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  14. By od on May 14, 2010 at 8:07 pm

    Benny, everything you say is of course true. I just feel like we are in a huge race against our most valuable resource.. time.

    One thing that is very interseting to me is the go-to report for all things peak oil, The Hirsch Report, almost entirely dismisses electric cars having any effect on mitigation. If there truly was a breakthrough in electric cars, it could drastically change the 20 years the report calls for for a ‘smooth’ transition, into 8-10.

     

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  15. By Benny BND Cole on May 14, 2010 at 9:25 pm

    OD-
    The price mechanism generally brings about smooth transitions. Right now, it may not seem so–we had erratic speculation-manipulation on the NYMEX, playing havoc with oil prices in 2008. But if we gradually move to higher oil prices, then we will see gradual adjustments in demand.
    GM introduces its Volt late this year, and the Nissan LEAF is here already. The Prius gets 50 mpg.
    I would say we are in better shape than ever before, should oil become a more-expensive commodity. In the late 1970s, when last we heard the gloomsters predict doom, we had nothing like that.
    And we still have our epic supplies of natural gas, which can be used in CNG cars, or converted to methanol.
    BTW, Nissan claims they are lowering the lithium battery cost of production by more than one-half. Remember, we have had more than eight decades to refine and lower costs per unit on ICEs.
    If battery cars can gain a foothold, then industry will also constantly appraise ways to lower production costs, while improving output.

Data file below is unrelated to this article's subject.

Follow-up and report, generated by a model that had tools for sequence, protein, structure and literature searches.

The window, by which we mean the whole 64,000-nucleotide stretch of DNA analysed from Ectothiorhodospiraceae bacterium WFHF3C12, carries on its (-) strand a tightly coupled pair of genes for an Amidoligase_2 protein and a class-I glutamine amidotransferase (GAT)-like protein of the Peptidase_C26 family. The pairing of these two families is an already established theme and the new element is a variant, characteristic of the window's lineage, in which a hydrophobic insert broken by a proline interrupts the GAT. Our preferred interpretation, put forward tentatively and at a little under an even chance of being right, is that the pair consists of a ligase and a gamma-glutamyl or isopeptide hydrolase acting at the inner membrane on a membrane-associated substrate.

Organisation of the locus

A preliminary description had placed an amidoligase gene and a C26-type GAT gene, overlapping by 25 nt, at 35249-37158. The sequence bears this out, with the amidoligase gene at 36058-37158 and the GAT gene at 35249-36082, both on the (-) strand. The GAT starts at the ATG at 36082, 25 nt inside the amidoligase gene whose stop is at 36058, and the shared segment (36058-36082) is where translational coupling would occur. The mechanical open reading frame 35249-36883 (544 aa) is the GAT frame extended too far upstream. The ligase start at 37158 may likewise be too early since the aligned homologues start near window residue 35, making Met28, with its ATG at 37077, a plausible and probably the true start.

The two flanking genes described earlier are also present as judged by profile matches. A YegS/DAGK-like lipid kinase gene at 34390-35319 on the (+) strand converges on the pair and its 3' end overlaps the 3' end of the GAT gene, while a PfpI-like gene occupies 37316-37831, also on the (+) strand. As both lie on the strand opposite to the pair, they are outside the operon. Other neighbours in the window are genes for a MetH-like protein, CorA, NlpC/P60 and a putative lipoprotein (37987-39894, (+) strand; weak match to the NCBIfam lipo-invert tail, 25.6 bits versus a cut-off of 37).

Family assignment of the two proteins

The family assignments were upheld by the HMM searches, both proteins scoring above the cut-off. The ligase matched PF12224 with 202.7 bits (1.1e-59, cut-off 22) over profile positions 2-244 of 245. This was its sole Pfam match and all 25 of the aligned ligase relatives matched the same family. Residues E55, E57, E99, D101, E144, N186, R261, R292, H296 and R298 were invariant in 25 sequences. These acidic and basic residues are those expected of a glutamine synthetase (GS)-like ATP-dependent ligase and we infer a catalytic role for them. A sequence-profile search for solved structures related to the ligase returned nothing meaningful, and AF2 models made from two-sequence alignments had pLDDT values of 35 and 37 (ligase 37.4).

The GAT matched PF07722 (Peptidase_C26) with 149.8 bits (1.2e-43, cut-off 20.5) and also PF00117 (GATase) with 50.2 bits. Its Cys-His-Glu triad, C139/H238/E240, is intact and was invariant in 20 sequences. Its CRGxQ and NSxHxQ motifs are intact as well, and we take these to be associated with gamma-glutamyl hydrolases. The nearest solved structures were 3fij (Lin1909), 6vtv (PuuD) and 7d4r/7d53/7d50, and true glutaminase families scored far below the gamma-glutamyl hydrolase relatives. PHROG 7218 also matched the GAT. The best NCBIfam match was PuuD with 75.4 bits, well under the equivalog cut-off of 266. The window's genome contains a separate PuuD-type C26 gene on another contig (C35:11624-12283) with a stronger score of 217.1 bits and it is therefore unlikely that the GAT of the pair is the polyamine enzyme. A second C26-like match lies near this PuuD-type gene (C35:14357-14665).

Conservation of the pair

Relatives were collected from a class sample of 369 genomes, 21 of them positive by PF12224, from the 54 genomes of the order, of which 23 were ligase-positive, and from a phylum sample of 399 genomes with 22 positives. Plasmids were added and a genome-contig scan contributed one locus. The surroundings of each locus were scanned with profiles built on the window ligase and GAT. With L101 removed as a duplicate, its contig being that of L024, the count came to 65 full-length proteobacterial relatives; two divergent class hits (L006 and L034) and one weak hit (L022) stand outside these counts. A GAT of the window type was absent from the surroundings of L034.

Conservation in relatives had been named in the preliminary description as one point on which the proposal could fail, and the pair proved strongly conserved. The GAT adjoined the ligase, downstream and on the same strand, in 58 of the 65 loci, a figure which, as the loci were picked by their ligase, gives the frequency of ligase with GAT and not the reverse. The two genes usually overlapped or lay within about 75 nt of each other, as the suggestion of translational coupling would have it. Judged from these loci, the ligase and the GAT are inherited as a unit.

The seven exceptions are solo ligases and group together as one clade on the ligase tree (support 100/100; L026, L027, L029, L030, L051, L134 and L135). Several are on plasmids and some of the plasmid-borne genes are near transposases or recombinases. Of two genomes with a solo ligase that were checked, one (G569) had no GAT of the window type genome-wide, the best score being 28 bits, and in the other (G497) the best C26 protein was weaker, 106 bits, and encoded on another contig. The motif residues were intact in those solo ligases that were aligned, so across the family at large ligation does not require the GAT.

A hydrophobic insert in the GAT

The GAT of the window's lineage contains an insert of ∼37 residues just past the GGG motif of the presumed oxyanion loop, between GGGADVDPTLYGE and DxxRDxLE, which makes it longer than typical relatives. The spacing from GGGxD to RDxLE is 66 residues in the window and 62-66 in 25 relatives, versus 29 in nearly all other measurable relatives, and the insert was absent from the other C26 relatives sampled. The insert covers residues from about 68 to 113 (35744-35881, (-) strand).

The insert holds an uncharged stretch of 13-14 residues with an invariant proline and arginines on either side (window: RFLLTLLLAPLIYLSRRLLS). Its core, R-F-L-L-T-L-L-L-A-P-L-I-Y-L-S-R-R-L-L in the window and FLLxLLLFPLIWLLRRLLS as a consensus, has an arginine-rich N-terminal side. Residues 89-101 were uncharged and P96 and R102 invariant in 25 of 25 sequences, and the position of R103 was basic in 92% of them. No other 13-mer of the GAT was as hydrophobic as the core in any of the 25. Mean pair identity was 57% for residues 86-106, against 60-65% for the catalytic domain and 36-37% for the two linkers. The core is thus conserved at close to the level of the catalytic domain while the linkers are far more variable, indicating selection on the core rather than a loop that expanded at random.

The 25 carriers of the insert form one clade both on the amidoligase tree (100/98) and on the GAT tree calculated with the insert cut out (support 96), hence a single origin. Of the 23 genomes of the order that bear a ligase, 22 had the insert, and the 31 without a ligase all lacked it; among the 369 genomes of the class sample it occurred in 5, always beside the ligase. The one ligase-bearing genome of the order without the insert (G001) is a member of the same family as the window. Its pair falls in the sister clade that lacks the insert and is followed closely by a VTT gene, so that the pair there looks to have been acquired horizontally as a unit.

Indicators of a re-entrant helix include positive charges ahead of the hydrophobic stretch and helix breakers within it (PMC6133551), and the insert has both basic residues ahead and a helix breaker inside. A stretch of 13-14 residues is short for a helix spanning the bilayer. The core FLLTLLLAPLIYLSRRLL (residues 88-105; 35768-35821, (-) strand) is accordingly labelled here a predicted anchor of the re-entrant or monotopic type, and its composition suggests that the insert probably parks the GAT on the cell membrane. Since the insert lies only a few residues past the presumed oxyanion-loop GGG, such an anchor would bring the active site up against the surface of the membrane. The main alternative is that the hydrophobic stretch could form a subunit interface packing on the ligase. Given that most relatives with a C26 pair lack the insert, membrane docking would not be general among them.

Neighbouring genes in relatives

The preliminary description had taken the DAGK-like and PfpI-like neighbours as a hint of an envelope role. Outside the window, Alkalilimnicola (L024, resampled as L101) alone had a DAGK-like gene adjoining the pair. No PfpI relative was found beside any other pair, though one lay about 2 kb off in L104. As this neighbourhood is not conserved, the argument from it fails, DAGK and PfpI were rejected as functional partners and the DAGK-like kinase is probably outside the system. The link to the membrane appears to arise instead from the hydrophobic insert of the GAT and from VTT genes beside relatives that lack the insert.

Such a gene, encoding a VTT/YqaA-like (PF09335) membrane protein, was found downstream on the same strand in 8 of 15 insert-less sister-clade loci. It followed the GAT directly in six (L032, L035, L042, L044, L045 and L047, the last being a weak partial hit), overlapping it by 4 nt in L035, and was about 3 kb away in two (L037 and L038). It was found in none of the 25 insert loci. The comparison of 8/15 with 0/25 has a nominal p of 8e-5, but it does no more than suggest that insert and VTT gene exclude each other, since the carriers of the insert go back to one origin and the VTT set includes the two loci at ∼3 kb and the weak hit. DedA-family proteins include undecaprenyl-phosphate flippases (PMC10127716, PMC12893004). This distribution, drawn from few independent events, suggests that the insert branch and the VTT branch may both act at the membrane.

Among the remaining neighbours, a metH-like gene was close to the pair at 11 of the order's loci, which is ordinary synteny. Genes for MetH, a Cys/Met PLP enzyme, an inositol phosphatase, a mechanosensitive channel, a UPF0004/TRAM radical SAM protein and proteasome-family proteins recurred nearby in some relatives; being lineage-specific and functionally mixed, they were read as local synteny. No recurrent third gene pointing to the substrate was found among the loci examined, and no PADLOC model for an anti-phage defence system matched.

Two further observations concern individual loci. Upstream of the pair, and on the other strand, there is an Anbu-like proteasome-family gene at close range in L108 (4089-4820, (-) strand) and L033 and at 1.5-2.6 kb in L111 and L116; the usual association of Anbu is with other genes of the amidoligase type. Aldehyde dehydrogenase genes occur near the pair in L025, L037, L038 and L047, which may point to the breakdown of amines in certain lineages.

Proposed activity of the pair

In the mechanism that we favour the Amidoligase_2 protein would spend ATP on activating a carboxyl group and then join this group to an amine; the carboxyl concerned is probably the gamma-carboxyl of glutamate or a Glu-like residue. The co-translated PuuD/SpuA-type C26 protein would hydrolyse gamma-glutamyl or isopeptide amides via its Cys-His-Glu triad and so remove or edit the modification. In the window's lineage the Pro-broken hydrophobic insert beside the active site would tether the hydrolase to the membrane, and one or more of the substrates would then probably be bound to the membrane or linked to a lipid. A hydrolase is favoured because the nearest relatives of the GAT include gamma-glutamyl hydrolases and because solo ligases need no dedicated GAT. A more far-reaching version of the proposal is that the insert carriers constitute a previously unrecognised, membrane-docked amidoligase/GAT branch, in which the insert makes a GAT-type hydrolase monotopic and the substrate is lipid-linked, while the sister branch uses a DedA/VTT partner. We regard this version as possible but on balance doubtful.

My last comment is not that of a gimlet-eyed business guy, but an environmentalist: Jeez, I just read that someone buying a new mid-price car had to go to some lengths to not get a fancy-schmancy GPS and sound system, in order to save $5,000 off list price. And I have read people pay $5k for nice leather seats.
    Surely, we can afford $5k batteries in our cars, if they all but eliminate demand for oil, and radically reduce urban air pollution.
    Personally, I think we can have much cleaner air and a higher standard of living with PHEVs.

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  16. By Kit P on May 15, 2010 at 8:36 am

    Let see if there is a problem producing
    energy. The US is #1 in making electricity. We produce more
    electricity with nuclear power and wind than any country in the
    world. We are building more. We have ample supplies of coal and
    natural gas. The US electricity generating industry does it safely
    with insignificant environment impact.

     

    The US is #3 in producing oil. We
    could be #1 if that was a policy priority. The US is #1 in producing
    biofuels. Safety and environmental issues related to transportation
    is not from production of the energy. For every energy worker that
    dies in an accident 10,000 die customers die on the road. We do a
    much better job with transportation emissions. However, since most
    people are unwilling to to simple thing like car pool, I am not too
    worried about finding solutions if production can not keep up.

     

    I do not see a problem providing an
    adequate supply of energy. I have not started to list the thing we
    could do like BEV. The reason we do not do some things is not
    because we can not do it but because we choose a better way.

     

    For example, we produce 20 % of out
    electricity with nukes and 0.05% with solar. However, if you lived
    off grid solar might be a better way to produce electricity.

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  17. By paul-n on May 15, 2010 at 12:16 pm

    Everyone (even the EIA) is entitled to their own opinions, but no one is entitled to their own facts.

     

    The EIA is a good source of facts, for most non OPEC energy data, but as RR points out, their predictions are definitely seeing the world through rose tinted glasses.